Tuesday, August 02, 2011

on second thought . . .

Over on Exploring our Matrix James McGrath has responded to my comments on Tom Holmén's treatment of the authenticity criteria in the Encyclopedia of the Historical Jesus (see here for my original post). While some of his comments are a bit unclear, I get the impression that he thinks I'm wrong about redaction criticism. James is a good man, and I respect his opinion. So I've gone back and had a rethink on my comments. And on second thought . . . No, I really was onto something helpful. Lemme 'xplain.

A Google Image search for "James McGrath is wrong" came up with this. Why?!
James points to Dale Allison's recent work, Constructing Jesus (Baker Academic, 2010) and rightly notes the similarity between our arguments. I confess, I've been reading quite a bit of Allison this summer, including Constructing Jesus but also two of his previous books (Jesus of Nazareth [Fortress Press, 1998] and The Theological Jesus and the Historical Christ [Eerdmans, 2009]) and some articles in various places. And while I've learned a lot from Allison, the truth is he and I were already thinking in similar directions.

I'm not sure, however, why James moves directly from Allison's approach (which he [Allison] calls "recurrent attestation") to raise the issue of oral tradition [OT]. Certainly I've had a lot to say about OT in the past, but Allison doesn't spend very much time, if any, dealing with OT, and I didn't mention OT in my post even once. The problem with redaction, it seems to me, is more one of the function of tradition and how Jesus' followers apprehended the stories from and about Jesus rather than the medium (oral performance, written text, etc.) in which they accessed those stories.

James makes a good point—one many media critics conveniently overlook—that written texts could influence later authors, sometimes directly, in antiquity. Some discussions (Werner Kelber and Richard Horsley come to mind) wrongfully give the impression that written texts were rare in the ancient world, and that writing was as obscure as IT technical assistance. In actual fact, writing was (nearly) everywhere, and written texts in the first centuries CE were common enough that Luke could even portray a small gathering of Jews in Nazareth as having an Isaiah scroll at hand (Luke 4.16–30). Whether or not Luke is accurate here, he clearly expects his readers to accept the image of Jesus reading a written text in his hometown! Written texts functioned differently in antiquity than they do in contemporary Western contexts, and they influenced other written texts in multiple ways. But certainly one of those ways is that later authors could copy from earlier texts, and they could edit (= redact) their source texts in ways that suited them.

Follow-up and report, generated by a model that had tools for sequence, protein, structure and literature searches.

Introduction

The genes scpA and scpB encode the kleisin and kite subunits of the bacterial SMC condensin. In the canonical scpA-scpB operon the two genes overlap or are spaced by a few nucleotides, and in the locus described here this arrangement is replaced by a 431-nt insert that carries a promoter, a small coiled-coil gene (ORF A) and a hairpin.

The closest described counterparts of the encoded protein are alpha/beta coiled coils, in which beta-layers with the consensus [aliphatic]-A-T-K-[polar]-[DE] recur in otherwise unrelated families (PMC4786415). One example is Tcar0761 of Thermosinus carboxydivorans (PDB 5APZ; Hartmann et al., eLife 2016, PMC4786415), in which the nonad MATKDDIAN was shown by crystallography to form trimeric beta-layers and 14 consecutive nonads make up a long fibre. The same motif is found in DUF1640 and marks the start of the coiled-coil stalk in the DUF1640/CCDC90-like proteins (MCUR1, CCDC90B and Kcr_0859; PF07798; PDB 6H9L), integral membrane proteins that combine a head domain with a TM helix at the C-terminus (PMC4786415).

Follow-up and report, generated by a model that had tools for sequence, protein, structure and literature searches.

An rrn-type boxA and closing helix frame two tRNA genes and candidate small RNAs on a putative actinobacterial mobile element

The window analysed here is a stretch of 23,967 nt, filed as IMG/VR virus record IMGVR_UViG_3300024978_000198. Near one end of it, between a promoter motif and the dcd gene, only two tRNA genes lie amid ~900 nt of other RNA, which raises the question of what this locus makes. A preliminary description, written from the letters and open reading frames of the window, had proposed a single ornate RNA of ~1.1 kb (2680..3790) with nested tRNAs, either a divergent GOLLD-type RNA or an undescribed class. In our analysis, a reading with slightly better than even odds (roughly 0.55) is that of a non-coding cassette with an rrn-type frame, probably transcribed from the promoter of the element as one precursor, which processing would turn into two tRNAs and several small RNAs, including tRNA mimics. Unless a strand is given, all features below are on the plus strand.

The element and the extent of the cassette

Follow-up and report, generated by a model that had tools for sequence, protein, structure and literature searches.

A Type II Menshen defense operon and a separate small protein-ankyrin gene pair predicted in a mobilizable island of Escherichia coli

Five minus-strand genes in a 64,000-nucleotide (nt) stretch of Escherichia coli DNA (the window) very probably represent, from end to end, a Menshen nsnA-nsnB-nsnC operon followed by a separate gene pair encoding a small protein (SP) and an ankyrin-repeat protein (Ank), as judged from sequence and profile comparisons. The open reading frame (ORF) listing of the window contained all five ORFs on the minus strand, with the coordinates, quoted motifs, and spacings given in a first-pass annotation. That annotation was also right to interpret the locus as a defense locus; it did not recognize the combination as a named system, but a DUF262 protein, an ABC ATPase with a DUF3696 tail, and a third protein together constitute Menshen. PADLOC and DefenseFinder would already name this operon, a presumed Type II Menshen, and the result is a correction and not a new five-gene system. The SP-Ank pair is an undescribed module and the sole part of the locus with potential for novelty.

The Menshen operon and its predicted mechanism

But two problems strike at the heart of redaction criticism, and it seems to me that those who accept the results of redaction-critical analyses haven't addressed either of them:

  • First, the pattern of changes across an entire text aren't always consistent. Sometimes an author will spiritualize his source text, and at other times he won't. In such an instance, should we say that author exhibits spiritualizing tendencies? If so, should the fact that he doesn't always spiritualize his source text encourage us to conclude that our author is inconsistent? Or is his tendency to spiritualize "moderate" rather than "thoroughgoing"? So Matt. 5.3 is "spiritualized" while Luke 6.20 is "more original." But what about Matt. 7.11||Luke 11.13, where Matthew's Jesus promises "good things/gifts" from the heavenly Father, while Luke's Jesus promises "the Holy Spirit"? Which text is "spiritualized": Matthew, Luke, or Q? As we can see, this problem is only accentuated when we're dealing with a situation in which the source text is no longer extant and we have to reconstruct it by comparing two texts that we believe copied from the same source. So did Q, if it existed, report that Jesus blessed the poor, and Matthew spiritualized this blessing by giving it to "the poor in spirit"? Or did Q pronounce blessings for the poor in spirit, and Luke, with his demonstrable interest in the materially poor and his desire to couple each blessing with a corresponding woe (here, "But woe to you rich . . ." [Luke 6.24]), redact his source to fit his needs? And what if Mark Goodacre is right, and in actual fact Matthew is Luke's source?! Despite James's confidence that in Matthew's Sermon on the Mount, "time and again there are additional words or phrases which, when compared with Luke, seem clearly to be additions to an earlier shorter form, and reflect redactional interests of the author," redaction critics simply cannot be sure what is original, what is secondary, or to what extent secondary changes put us in contact with an author's real or consistent theological or ideological motivations.